An Interview with Joe FessendenFebruary 24, 2015
In January, Colonel Joe Fessenden retired after 21 years in command of the Maine Marine Patrol. He was gracious enough to allow this interview.
Colonel Fessenden was born and raised in Bangor, graduating from the high school. I asked how he became interested in joining what was then called the “Sea and Shore Fisheries Wardens”.
“I heard about it from a friend of the family. He was a game warden, and he and my father owned some land together. I was interested in maybe the Warden’s Service, but he was talking to me about the coast. I really was interested. I used to go to Bar Harbor and Sand Beach as a kid growing up, and I really liked that whole area. He mentioned to me one day that there was this other outfit called the Sea and Shore Fisheries Wardens and I started looking into it. Over a couple of years I had a chance to meet a few Sea and Shore guys down east, down in Jonesport, and had a chance to talk to them. I thought it would be really interesting to work on the coast and to get involved with commercial fishing.”
Too young to become a Fisheries Warden, Fessenden studied law enforcement for two years at the University of Maine at Bangor, a community college. He drove truck for Jordan’s Meats, but remained determined to work for the Sea and Shore Fisheries. He got his foot in the door with the state working, for eight months, for the Maine Department of Agriculture as an egg inspector, full time at DeCoster Egg Farms. No fond memories there, but it taught him regulatory work and the importance of inspection.
He got his position with Sea and Shore Fisheries in June of 1975, and was assigned to the Pemaquid region. “Back then shellfish was a huge issue up there, enforcement of closed areas, people harvesting clams in closed areas, a pretty big responsibility as a public health issue. And we had a lot of commercial fishing going on, a lot of lobstering going on. Shrimping was big back then. Some scalloping. Pogies were around during that period of time, Menhaden were in the rivers in a big way. Some herring activity. So I got up on commercial fishing pretty quick. I did some boating safety, but I really started out chasing people down in closed areas, to tell you the truth. Up in Waldoboro there was a lot of closed area digging going on and we spent quite a bit of time down there in the middle of the night.”
One thing Joe didn’t have was boating experience. “I had a 20 foot outboard. I didn’t have a lot of experience boating on the ocean – I had hardly any experience. So I had to start learning how to operate a boat in salt water. The training back then was not as formal as it is now, certainly.”
Until 1976 the Coastal Wardens received only conservation training, no formal law enforcement training. Joe attended the Maine Criminal Justice Academy in the fall of 1976, among the first Coastal Wardens to graduate. I asked him why it had been decided that the Coastal Wardens – soon to be the Maine Marine Patrol – would henceforth go to the Criminal Justice Academy. “Well, I was told back then that the Commissioner and the Chief wanted a separate entity, professional law enforcement officers enforcing all laws along the coast, in addition to conservation officers, and really professionalize the group.”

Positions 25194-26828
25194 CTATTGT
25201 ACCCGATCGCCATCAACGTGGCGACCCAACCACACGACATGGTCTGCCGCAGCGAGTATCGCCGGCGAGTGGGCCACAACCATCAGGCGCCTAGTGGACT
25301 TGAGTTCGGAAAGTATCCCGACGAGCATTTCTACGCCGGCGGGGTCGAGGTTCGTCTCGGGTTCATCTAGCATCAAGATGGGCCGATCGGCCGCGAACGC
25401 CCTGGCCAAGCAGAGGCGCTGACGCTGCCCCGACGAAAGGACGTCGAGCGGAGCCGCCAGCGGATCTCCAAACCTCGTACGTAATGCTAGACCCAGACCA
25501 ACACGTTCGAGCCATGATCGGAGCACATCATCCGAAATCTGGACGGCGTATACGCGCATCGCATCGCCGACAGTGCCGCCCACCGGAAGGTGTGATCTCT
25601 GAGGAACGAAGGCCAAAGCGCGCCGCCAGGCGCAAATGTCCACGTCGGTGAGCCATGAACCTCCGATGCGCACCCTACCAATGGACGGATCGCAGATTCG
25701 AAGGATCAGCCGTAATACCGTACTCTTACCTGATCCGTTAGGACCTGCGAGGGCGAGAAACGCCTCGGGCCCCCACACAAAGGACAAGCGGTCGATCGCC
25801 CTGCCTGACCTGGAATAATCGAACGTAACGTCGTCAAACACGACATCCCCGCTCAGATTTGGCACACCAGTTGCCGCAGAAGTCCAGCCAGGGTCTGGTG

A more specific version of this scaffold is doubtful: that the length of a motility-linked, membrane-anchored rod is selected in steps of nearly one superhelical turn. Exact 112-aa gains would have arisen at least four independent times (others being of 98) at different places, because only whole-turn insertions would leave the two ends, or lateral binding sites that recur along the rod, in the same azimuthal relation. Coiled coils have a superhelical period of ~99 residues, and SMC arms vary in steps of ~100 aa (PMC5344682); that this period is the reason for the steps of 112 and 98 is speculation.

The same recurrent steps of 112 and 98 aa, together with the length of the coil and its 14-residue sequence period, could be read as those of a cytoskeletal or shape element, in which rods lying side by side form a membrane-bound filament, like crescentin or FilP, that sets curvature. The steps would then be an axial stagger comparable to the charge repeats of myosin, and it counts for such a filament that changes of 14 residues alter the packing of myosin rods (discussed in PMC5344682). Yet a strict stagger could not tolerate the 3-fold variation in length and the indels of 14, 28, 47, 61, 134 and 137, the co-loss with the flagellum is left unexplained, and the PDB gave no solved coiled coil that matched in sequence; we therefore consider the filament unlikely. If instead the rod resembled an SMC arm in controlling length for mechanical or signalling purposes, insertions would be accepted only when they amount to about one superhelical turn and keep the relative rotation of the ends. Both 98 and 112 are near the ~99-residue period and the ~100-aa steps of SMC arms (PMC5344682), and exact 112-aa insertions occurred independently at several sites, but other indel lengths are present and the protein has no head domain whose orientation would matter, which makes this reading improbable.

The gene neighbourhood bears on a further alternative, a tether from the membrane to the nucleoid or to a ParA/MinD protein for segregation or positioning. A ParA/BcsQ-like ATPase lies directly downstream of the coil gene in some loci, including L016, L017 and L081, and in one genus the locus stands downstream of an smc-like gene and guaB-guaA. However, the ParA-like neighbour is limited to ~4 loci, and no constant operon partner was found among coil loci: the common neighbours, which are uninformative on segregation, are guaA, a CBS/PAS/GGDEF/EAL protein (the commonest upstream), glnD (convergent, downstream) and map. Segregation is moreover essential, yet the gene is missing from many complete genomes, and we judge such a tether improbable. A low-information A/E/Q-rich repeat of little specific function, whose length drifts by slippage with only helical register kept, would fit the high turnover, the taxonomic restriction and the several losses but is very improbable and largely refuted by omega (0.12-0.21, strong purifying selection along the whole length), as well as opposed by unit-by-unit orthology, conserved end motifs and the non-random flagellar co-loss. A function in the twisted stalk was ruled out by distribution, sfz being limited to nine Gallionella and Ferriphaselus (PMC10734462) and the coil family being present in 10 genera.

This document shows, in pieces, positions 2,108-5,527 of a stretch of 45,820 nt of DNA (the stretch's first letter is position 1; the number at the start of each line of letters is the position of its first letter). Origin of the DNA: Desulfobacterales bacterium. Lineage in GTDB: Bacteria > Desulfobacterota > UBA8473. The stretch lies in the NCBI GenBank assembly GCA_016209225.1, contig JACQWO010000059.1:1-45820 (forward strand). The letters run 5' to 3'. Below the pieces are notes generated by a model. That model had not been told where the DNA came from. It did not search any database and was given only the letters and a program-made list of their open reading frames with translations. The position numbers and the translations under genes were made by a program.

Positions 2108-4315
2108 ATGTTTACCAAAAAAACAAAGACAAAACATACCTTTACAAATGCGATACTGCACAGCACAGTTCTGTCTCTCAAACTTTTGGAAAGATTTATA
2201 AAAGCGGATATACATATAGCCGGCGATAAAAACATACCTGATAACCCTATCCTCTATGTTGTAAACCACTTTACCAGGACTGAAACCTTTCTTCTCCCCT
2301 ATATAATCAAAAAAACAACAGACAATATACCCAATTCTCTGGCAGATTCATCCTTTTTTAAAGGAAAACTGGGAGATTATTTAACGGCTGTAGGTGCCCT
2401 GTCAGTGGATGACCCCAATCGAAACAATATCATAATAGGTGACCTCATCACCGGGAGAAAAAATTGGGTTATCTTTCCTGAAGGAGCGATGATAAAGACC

When Joe signed up in 1975 about half the force carried firearms – it was at the individual warden’s discretion. “Today they’re required [to carry] but back when I came on about half the officers didn’t carry firearms. The old timers didn’t carry guns, most of them.”
He was transferred to Portland, and promotion to sergeant came in 1981, and with it came leadership as a field supervisor. “It was quite a difference for me, because the job before that had been independent, pretty much set my own schedule and worked my own activity.” Now he found himself supervising five or six officers, in addition to field work.
I asked him whether he enjoyed being in a leadership position. “I was always excited about the opportunity to get ahead, to promote up through the ranks. I really wanted to do that. But initially I was a little disappointed in what I had seen. I finally came to the realization that not everyone worked the same way. They weren’t as focused or whatever. My focus was marine resources and commercial fishing, and it was a way of life for me, it was all or nothing for me as far as the job goes. And when I started working with other people I realized that these people have a life! And don’t get me wrong, they should have a life, and it’s not all about commercial fishing and enforcing marine resources laws.” He took some leadership courses and came to understand and appreciate the mentoring side of being a supervisor and “and after a few years I liked being a supervisor and a leader.”